How Safe Is Your Tap Water?
This story is part of The Elemental Guide to Water, a five-part special report on the health benefits of water, the science behind seltzer, the truth about fancy H2O, the safety of tap water, and how much water you really need to drink.
Tap water is a modern marvel. Unless you’re an octogenarian, you probably don’t know any other way. With just the turn of a faucet, Americans have access to H2O. But is it safe to drink?
In cities like Flint, Pittsburgh, Milwaukee, Detroit, Newark, and others, where improperly treated water and aging pipes have been responsible for leaking lead and copper into the drinking water supplies, the answer is no — the tap water has been found to be downright dangerous. These tragedies have raised questions and distrust about the cleanliness of tap water everywhere.
Cities routinely test tap water for viruses like cryptosporidium and giardia and disinfect, filter, and remove many pathogens, but there are still a myriad of contaminants that can remain — many of them legal. Federal authorities argue that there can be trace amounts of pollutants in water that do not always present a risk to health. But larger water violations are common, and one 2018 study looking at data from 1982 to 2015 reported that between 9 million and 45 million Americans may have been exposed to drinking water from sources that do not meet current Environmental Protection Agency (EPA) standards for safety.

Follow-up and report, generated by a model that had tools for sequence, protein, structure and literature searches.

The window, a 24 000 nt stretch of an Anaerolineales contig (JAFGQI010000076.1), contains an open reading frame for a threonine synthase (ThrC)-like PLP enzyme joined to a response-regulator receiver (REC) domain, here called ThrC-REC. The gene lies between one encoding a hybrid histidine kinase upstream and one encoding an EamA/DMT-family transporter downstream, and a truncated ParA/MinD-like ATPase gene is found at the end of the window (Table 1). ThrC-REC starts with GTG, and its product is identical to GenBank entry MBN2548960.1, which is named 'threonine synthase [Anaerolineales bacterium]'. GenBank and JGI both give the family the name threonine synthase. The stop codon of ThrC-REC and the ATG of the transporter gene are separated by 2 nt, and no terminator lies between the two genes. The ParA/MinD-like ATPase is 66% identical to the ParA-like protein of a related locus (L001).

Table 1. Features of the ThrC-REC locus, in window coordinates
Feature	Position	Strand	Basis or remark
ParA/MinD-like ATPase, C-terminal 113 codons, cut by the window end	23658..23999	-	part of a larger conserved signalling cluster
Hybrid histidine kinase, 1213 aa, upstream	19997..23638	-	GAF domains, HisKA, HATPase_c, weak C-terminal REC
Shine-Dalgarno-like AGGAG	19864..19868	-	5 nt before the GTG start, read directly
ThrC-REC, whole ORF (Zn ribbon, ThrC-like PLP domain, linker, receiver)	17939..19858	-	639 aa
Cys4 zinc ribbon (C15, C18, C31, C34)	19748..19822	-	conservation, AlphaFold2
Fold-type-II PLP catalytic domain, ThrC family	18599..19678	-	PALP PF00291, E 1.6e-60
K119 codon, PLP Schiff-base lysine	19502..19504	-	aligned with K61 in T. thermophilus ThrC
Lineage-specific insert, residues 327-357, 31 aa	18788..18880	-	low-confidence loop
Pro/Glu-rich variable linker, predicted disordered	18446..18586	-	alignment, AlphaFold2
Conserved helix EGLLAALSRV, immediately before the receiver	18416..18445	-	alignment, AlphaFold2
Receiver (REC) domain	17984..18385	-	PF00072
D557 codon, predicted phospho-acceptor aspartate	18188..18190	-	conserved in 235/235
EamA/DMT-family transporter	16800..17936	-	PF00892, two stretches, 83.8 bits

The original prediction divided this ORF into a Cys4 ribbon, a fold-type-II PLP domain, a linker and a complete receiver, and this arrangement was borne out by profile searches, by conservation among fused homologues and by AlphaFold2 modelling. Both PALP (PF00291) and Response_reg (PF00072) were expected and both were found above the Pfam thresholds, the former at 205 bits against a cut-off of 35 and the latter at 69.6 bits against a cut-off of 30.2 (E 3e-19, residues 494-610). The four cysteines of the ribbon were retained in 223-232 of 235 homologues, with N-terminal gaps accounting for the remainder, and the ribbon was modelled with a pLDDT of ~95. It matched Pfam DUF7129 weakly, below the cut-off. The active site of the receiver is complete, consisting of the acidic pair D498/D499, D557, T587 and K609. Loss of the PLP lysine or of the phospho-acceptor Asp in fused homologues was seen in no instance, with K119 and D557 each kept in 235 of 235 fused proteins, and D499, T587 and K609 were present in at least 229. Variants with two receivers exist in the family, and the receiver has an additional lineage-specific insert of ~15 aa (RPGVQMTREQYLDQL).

So in other words, it’s a murky subject. Here’s what you should know.
How tap water is regulated
Tap water makes it to your home through a process that involves taking groundwater, river, or runoff water sources, then piping that supply and storing it in a reservoir or water tower where it’s treated, filtered, and regularly tested for bacteria and chemicals. According to the Natural Resources Defense Council, city taps are tested 100 or more times a month. That water is then delivered via aqueducts and wells to homes and businesses.
The EPA is the government agency responsible for setting the legal limits for contaminants in tap water and overseeing overall water quality. Even if…